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dc.contributor.authorRolley, John Xavier
dc.contributor.supervisorProf. Patricia Davidson

Percutaneous coronary interventions (PCIs) are a frequent strategy for myocardial revascularisation in both the elective and emergency setting. In contrast to surgical techniques such as coronary artery bypass grafting (CABG), there is less procedural burden and a reduction in hospitalisation times. This rapid treatment means a reduced exposure of the individual to healthcare providers in the acute care setting limiting the time to prepare individuals and their families to cope and adjust to living with a chronic condition.In spite of the expansive research in respect of acute coronary syndromes (ACS), PCI and CABG, there is substantially less person centred research focussing on the needs of the individual undergoing PCI. Similarly, in spite of the number of evidence based practice guidelines for ACS and PCI, evidence supporting specific PCI nursing practice remains of a low level and minimally mentioned in practice guidelines. This thesis was undertaken to address these gaps in knowledge.The Chronic Care Model (CCM), promoting evidence based practice, communication and coordination of care for people with chronic conditions has informed the study design, implementation and interpretation of findings.Using the approach of the patient journey and the CCM, a sequential mixed method study was undertaken to describe the barriers and facilitators to improving the care outcomes of people undergoing PCI. Firstly, a study describing the clinical and demographic characteristics of individuals undergoing PCI and their perception of cardiovascular risk was completed. Secondly, a qualitative multi method study investigating patients’, carers’ and healthcare providers’ perceptions of the barriers, facilitators and opportunities for improving PCI care was conducted. Thirdly, an online survey of cardiovascular nurses’ beliefs, values, and practices. This survey was informed by a comprehensive literature review and issues identified through a consensus conference.Fourthly, clinical practice guidelines for PCI nursing care were developed to address limitations in providing coordinated and evidence based nursing care. A systematic method was adopted from the National Health and Medical Research Council’s recommended approach for developing guidelines. This project was conducted under the auspices of the Australasian Cardiovascular Nursing College and the Cardiovascular Nursing Council of the Cardiac Society of Australia and New Zealand; both peak cardiovascular nursing bodies in Australia and New Zealand.Finally, based upon study finding identifying challenges in communication and coordination across care settings, elements of effective interventions aimed at improving risk reduction and secondary prevention uptake have been identified.The series of studies presented in this thesis have contributed to ability of nurses to improve the health outcomes of individuals undergoing PCI across the care continuum. Information obtained from the series of studies in this thesis have provided useful information for further research in developing and implementing effective strategies to improve care for individuals undergoing PCI.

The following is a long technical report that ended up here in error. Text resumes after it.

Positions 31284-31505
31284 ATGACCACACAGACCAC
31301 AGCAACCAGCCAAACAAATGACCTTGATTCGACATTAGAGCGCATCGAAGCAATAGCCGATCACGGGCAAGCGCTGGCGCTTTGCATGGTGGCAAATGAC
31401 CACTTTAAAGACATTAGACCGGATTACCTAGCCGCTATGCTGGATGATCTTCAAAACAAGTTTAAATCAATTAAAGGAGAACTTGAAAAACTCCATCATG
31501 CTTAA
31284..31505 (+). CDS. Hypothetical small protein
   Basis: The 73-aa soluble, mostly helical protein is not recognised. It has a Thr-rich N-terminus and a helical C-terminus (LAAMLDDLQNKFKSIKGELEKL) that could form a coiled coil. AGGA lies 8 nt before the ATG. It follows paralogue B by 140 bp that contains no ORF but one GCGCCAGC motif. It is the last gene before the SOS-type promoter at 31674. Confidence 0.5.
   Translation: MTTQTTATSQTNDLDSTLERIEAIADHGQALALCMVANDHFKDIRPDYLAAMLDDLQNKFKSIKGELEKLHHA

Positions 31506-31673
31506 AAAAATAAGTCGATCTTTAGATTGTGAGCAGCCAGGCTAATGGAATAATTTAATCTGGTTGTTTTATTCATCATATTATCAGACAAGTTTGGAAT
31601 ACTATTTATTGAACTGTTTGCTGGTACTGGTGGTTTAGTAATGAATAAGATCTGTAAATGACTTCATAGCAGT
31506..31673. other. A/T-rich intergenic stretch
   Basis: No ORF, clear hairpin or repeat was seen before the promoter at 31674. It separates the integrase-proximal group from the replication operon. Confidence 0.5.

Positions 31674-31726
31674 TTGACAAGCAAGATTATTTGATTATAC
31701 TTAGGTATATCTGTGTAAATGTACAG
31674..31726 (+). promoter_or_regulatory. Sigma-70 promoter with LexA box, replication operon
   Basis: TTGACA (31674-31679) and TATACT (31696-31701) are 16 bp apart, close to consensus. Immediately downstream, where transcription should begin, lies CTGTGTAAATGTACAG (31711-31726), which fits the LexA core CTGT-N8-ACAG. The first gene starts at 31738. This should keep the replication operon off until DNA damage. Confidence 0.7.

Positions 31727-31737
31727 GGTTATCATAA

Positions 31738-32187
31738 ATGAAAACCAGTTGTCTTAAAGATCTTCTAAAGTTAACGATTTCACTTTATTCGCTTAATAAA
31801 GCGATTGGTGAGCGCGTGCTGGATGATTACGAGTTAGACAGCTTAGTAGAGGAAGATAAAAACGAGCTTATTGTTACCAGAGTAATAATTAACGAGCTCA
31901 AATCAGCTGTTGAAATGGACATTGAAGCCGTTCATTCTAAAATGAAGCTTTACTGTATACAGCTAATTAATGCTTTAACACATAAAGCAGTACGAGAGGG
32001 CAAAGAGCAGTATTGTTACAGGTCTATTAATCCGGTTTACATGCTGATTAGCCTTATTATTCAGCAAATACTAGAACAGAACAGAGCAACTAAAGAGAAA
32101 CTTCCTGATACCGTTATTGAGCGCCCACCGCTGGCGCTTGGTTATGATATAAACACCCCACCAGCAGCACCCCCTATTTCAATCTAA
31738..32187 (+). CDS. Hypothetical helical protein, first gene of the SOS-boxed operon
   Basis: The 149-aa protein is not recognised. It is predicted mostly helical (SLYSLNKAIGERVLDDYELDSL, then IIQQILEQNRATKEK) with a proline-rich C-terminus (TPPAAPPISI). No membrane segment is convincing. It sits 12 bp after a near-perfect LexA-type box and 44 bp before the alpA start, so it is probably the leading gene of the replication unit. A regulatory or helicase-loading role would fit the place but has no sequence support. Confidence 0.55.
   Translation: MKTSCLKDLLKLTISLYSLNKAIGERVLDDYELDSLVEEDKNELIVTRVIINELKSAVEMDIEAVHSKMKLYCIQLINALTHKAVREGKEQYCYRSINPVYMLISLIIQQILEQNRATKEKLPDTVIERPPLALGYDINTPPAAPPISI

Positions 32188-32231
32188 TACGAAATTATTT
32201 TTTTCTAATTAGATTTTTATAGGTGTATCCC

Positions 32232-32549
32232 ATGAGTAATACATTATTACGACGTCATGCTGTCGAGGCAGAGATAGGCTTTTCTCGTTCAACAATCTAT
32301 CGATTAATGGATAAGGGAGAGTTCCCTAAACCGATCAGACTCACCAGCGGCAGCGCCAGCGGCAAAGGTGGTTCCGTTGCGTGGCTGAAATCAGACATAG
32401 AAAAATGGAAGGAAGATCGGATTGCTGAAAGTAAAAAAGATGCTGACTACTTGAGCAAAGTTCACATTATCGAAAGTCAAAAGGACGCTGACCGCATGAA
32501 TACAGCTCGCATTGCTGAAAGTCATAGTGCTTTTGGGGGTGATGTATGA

dc.publisherCurtin University
dc.subjectacute coronary syndromes (ACS)
dc.subjectelective and emergency setting
dc.subjectchronic care model (CCM)
dc.subjectcoronary artery bypass grafting (CABG)
dc.subjectmyocardial revascularisation
dc.subjectpercutaneous coronary interventions (PCIs)
dc.titleImproving care for people undergoing percutaneous coronary interventions: elements of effective interventions
curtin.departmentSchool of Nursing and Midwifery, Curtin Health Innovation Research Institute
curtin.accessStatusOpen access

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